The Galion Theatre located on Harding Way West in uptown Galion
Location of Galion, Ohio
Location of Galion in Crawford County
|Counties||Crawford, Morrow, Richland|
|• Mayor||Mayor Tom O'Leary|
|• Total||7.41 sq mi (19.20 km2)|
|• Land||7.39 sq mi (19.15 km2)|
|• Water||0.02 sq mi (0.05 km2)|
|Elevation||1,171 ft (357 m)|
| • Estimate |
|• Density||1,350.20/sq mi (521.28/km2)|
|Time zone||UTC-5 (Eastern (EST))|
|• Summer (DST)||UTC-4 (EDT)|
|GNIS feature ID||1064699|
Galion is a city in Crawford, Morrow, and Richland counties in the U.S. state of Ohio. The population was 10,512 at the 2010 census. Galion is the second-largest city in Crawford County after Bucyrus.
The Crawford County portion of Galion is part of the Bucyrus Micropolitan Statistical Area. The small portion of the city that is located in Richland County is part of the Mansfield Metropolitan Statistical Area, while the portion extending into Morrow County is considered part of the Columbus Metropolitan Statistical Area.
Galion was the scene of a spectacle lynching. On Friday, April 28, 1882, Barbara Rettig accused Frank Fisher of raping her. On Sunday, April 30, 1882 a mob took Fisher, an African American, from Galion's jail and hanged him. They left Fisher's body on display for several days after the lynching. A newspaper correspondent at the scene reported a crowd of "at least two thousand people, men, women and children." He concluded his article on the lynching with this summation: "The lynching of Frank Fisher, In broad daylight, upon Sunday, by unmasked men, was one of the boldest affairs that has ever transpired in this county. While the affair is to be regretted the crime was such that he has not a particle of sympathy from anyone who has heard the particulars of the crime for which he has so dearly paid with his life."
Galion is located in the southeastern corner of Crawford County at (40.733164, -82.788586).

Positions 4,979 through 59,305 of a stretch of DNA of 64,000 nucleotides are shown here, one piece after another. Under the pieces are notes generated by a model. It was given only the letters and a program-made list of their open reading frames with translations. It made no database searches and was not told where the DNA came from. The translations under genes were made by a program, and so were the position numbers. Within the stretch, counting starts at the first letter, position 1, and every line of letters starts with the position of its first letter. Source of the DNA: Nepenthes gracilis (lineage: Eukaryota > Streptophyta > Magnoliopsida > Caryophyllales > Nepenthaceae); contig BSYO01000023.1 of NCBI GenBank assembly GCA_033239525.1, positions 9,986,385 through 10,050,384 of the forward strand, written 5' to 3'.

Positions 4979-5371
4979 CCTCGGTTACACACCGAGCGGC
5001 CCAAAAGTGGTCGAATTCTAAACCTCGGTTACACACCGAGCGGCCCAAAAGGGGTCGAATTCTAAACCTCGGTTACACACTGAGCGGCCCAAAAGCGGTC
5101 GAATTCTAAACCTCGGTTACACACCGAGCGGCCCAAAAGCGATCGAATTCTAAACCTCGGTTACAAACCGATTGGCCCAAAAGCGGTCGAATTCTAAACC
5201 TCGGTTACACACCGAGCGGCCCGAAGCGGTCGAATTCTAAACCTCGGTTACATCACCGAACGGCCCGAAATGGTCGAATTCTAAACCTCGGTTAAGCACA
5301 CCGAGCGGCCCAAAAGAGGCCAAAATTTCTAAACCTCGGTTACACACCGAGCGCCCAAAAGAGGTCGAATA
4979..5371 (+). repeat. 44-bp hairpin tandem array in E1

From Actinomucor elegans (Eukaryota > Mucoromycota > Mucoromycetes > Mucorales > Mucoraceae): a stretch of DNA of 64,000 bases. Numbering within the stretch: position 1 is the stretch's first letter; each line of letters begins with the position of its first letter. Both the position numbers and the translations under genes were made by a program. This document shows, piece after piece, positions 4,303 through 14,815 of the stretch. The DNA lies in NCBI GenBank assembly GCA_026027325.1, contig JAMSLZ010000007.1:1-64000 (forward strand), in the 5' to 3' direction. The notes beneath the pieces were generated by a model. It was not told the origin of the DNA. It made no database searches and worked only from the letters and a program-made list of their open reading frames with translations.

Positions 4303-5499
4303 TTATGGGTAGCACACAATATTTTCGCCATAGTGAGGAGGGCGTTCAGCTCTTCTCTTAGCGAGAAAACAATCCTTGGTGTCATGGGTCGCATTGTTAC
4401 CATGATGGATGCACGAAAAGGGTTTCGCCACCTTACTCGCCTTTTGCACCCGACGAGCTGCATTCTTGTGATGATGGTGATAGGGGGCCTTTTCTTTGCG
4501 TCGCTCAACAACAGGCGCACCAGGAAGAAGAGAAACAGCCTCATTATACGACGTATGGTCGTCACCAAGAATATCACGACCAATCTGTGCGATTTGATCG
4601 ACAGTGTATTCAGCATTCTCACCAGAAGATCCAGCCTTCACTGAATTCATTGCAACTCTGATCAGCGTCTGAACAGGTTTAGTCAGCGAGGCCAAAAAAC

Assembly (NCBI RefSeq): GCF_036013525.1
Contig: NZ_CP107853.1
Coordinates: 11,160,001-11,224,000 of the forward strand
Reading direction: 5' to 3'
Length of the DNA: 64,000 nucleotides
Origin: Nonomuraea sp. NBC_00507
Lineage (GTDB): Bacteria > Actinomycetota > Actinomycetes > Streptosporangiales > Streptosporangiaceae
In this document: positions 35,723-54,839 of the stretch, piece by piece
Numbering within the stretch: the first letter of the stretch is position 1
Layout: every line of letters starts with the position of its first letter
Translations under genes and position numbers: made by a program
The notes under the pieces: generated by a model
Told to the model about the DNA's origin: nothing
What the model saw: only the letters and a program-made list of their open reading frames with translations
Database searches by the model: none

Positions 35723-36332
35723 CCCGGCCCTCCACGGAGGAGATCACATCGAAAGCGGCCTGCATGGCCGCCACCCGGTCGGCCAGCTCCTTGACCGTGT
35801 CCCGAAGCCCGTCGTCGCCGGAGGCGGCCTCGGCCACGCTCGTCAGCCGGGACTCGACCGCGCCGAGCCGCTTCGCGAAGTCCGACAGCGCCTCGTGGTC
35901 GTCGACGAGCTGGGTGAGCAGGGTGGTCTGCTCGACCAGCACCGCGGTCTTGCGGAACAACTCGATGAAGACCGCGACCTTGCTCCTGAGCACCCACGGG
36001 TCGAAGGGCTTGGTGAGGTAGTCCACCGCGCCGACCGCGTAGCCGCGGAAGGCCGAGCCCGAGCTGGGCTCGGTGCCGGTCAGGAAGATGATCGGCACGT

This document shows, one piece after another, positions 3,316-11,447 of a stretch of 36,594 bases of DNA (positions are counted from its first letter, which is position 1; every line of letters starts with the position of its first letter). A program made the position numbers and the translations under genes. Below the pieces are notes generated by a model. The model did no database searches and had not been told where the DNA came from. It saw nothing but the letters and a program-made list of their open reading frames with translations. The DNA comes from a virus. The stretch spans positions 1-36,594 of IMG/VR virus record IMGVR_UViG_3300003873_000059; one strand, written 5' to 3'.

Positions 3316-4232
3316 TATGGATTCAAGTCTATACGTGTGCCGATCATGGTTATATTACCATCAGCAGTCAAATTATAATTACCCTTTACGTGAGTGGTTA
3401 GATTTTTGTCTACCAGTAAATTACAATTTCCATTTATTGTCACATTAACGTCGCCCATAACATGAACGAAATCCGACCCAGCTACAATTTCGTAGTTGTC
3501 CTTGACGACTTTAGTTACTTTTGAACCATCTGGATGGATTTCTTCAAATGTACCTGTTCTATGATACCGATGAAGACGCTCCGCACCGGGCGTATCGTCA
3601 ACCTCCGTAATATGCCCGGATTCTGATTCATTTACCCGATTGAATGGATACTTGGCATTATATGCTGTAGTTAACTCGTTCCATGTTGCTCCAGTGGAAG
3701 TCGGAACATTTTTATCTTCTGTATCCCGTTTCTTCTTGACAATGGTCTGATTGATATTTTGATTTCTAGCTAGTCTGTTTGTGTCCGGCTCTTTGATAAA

As of the census of 2010, there were 10,512 people, 4,484 households, and 2,797 families living in the city. The population density was 1,381.3 inhabitants per square mile (533.3/km2). There were 5,192 housing units at an average density of 682.3 per square mile (263.4/km2). The racial makeup of the city was 97.6% White, 0.5% African American, 0.1% Native American, 0.2% Asian, 0.4% from other races, and 1.1% from two or more races. Hispanic or Latino of any race were 1.3% of the population.
There were 4,484 households, of which 30.8% had children under the age of 18 living with them, 43.7% were married couples living together, 14.2% had a female householder with no husband present, 4.5% had a male householder with no wife present, and 37.6% were non-families. 32.0% of all households were made up of individuals, and 13.8% had someone living alone who was 65 years of age or older. The average household size was 2.32 and the average family size as 2.89.
The median age in the city was 39.7 years. 24.3% of residents were under the age of 18; 8.2% were between the ages of 18 and 24; 24.6% were from 25 to 44; 25.7% were from 45 to 64; and 17.3% were 65 years of age or older. The gender makeup of the city was 47.1% male and 52.9% female.
As of the census of 2000, there were 11,341 people, 4,791 households, and 3,090 families living in the city. The population density was 2,286.5 people per square mile (882.8/km2). There were 5,150 housing units at an average density of 1,038.3 per square mile (400.9/km2). The racial makeup of the city was 98.28% White, 0.22% African American, 0.31% Native American, 0.26% Asian, 0.01% Pacific Islander, 0.35% from other races, and 0.56% from two or more races. Hispanic or Latino of any race were 0.93% of the population.
There were 4,791 households, out of which 31.0% had children under the age of 18 living with them, 48.3% were married couples living together, 12.2% had a female householder with no husband present, and 35.5% were non-families. 30.7% of all households were made up of individuals, and 13.6% had someone living alone who was 65 years of age or older. The average household size was 2.34 and the average family size was 2.90.
In the city the population was spread out, with 25.5% under the age of 18, 8.5% from 18 to 24, 27.8% from 25 to 44, 22.2% from 45 to 64, and 16.0% who were 65 years of age or older. The median age was 37 years. For every 100 females, there were 85.6 males. For every 100 females age 18 and over, there were 82.7 males.